when you don't see me: where is the edge: the dark sword likes cuddles

Naomi Bradleigh's Journal, 31 March 2101

There was a reason I tried twice to get rid of the sword Ian Malkin gave me. I've never wielded it. I try not to even grasp its scabbard, let alone lay a hand on its hilt.

The sword speaks to me.

This isn't a metaphor. Nor is it a joke. It is literal and deadly serious. The sword that Desdinova retrieved and insisted I carry because it is supposedly the only weapon capable of killing Morgan with a single blow is something out of one of those sword and sorcery novels I used to get as birthday presents from my faerie godfather as a little girl.

It figures that my faerie godfather would turn out to be my fencing maestro, who turned out to be the arsehole who founded the original AsgarTech Corporation, Ian Malkin, and helped with Project Harker. And, naturally, he was the keeper of a sentient runeblade that seems to take perverse delight in creeping me out.

I had hoped to be rid of all of that, but he's back as Isaac Magnin.

The dark sword is back in my hands, too, and back in my head.

I don't think the connection is mystical or psychic. Instead, I think the damned thing has somehow reverse engineered my implant's wireless networking protocols and has taken to texting me.

It could only reach me when I was touching it at first. But it seems to have gotten stronger, and can now clamor for attention whenever I'm close.

It insists I stop calling the damned thing "it" or "the sword" or "the damned thing". It tells me it has a name. Of course, it won't reveal it; apparently I'm supposed to figure it out on my own.

As if I had nothing better to do.

The upside is that the damn thing doesn't have to be a sword. It can change its form to suit its wielder. I've changed it into a dagger, a spear, a knuckle duster, a staff, and a tonfa. The only limitation is that it won't take a form that requires ammunition.


I've decided to call the sword 'Ahriman'. It's always whispering to me, trying to tempt me. Again, I'm not joking or being metaphorical here. This sword is sentient, and is evidently desperate to communicate.

As one might expect, Ahriman tends to be rather bloodthirsty. I dare not take it out in public; even sheathed it points to this person or that person and attempts to persuade me that I am within my rights to murder them. Reminding it that the death penalty has been abolished for all crimes save for tyranny and corruption on the part of Phoenix Society personnel avails me nothing; it has somehow decided that the social death of being made an unperson before being permanently exiled from Earth is a crueler penalty and that we'd be bringers of mercy rather than murderers. Never mind that with one exception—and I fervently and regularly pray to any god willing to listen that it will never prove necessary—I am /not/ in the euthanasia business.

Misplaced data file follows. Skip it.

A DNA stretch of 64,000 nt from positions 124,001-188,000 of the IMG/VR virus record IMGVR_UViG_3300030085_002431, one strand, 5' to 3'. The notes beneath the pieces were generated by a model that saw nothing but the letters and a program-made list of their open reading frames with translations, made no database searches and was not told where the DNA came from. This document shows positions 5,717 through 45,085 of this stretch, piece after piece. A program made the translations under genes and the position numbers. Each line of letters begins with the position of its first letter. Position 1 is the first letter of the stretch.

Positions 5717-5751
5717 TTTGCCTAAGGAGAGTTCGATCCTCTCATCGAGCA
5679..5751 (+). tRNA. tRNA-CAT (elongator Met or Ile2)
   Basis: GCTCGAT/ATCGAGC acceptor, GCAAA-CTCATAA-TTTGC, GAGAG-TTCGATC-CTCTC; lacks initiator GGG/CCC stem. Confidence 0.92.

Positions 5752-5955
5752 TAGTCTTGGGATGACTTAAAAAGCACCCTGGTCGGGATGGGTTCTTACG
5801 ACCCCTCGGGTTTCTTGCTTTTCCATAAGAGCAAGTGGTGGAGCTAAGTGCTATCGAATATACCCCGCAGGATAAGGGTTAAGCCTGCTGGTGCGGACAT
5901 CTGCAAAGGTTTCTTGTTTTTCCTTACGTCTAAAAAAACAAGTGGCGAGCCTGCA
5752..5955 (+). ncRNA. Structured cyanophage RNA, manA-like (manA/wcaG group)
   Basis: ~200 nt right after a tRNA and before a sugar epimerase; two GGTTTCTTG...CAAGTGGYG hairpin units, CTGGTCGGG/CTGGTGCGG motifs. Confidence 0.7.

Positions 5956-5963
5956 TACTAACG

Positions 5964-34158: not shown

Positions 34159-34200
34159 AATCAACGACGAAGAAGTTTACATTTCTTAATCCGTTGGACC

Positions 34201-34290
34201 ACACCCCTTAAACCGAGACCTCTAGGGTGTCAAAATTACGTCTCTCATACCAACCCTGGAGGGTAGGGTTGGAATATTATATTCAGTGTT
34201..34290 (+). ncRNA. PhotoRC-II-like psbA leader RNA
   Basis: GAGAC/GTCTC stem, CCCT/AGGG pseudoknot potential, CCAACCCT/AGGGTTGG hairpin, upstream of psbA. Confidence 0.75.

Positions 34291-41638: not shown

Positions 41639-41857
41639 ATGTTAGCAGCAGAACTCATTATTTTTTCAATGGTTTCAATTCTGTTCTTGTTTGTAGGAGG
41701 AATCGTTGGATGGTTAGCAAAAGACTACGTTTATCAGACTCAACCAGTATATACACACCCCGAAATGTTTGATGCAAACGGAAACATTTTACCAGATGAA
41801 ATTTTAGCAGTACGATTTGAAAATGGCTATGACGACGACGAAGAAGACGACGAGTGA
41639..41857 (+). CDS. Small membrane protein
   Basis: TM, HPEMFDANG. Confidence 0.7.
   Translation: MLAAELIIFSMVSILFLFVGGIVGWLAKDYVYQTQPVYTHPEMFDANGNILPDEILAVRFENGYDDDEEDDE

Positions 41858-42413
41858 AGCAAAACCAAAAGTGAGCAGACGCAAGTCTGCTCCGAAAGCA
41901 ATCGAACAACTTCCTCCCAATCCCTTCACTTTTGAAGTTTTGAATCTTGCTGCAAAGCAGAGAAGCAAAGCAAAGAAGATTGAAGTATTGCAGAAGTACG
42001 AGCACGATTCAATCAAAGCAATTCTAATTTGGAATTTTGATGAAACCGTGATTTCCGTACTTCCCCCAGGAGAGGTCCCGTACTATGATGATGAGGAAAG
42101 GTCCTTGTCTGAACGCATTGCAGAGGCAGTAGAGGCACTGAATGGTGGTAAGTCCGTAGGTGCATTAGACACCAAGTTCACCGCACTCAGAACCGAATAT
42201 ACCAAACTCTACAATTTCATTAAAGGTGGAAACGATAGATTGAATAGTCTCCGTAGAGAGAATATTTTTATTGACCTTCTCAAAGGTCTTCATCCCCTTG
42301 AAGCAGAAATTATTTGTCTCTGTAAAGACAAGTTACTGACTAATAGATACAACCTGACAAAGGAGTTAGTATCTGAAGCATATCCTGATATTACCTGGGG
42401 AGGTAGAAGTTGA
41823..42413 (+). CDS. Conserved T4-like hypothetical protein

When not inciting me to murder or doing its best to creep me out (something at which it succeeds more often than I'd prefer), Ahriman seems almost lonely. It is almost as if it were once a man and still craves company. It tends to become quiet with I let my hand rest on its hilt, as if my touch comforts it. Likewise if I sing in its presence. And though its personality is decidedly that of a mature and commanding man, there are moments when it seems younger and vulnerable, more a lonely boy instead.

For example, Ahriman enjoys being read to before I go to bed, though its tastes are definitely that of a boy. It cares little for introspective, literary novels. No, the sword craves more adventuresome fare. I've found myself rereading many of the novels I read as a little girl, tales of wizardry and wild romance.

Thrice a year, on my birthday and on the summer and winter solstices, a package addressed to me would show up. In it I would find public-domain media chosen for me by somebody who knew my temperament and tastes better than my parents. Somebody knew that I craved adventure, that I did not dream of being rescued by a handsome and daring prince.

Instead, I saw myself as a witch and warrior—and if some handsome and daring prince got in over his head and needed me to rescue him, that suited me just fine.

There was one saga I loved best, that of Morgaine. The last of a team of soldier-scientists on a suicide mission to close ancient spacetime gates before they were misused to cause yet another reality dysfunction, she found herself trapped in a gate until a desperate warrior named Vanye freed her, and then sought shelter by her fire. She claimed his service for a year in exchange as was the custom of his people, and they shared many perils together. She saved Vanye many times, but he saved her rather often himself.

Of course, Ahriman likes the Morgaine stories because of her sword Changeling. It's a demon-sword as well, though not particularly talkative. Hell, Ahriman is mad for any story involving such accursed weapons whether the sword is called Caine, Stormbringer, Gram, or Dragnipur.

Fortunately, the sword's taste for adventuresome bedtime stories and heavy metal songs about war and ass-kicking give me a bit of leverage. If it gets /too/ obnoxious, I can always threaten deprivation. It seems rather cruel, though.

Memo to self: Claire once mentioned a manga featuring a mercenary warrior in a medieval setting that she had characterized as a "size queen". He must have been packing a really big sword. Was it called /Bleach/ or /Berserk/? Ahriman might enjoy it, as long as the fights don't drag on /too/ long.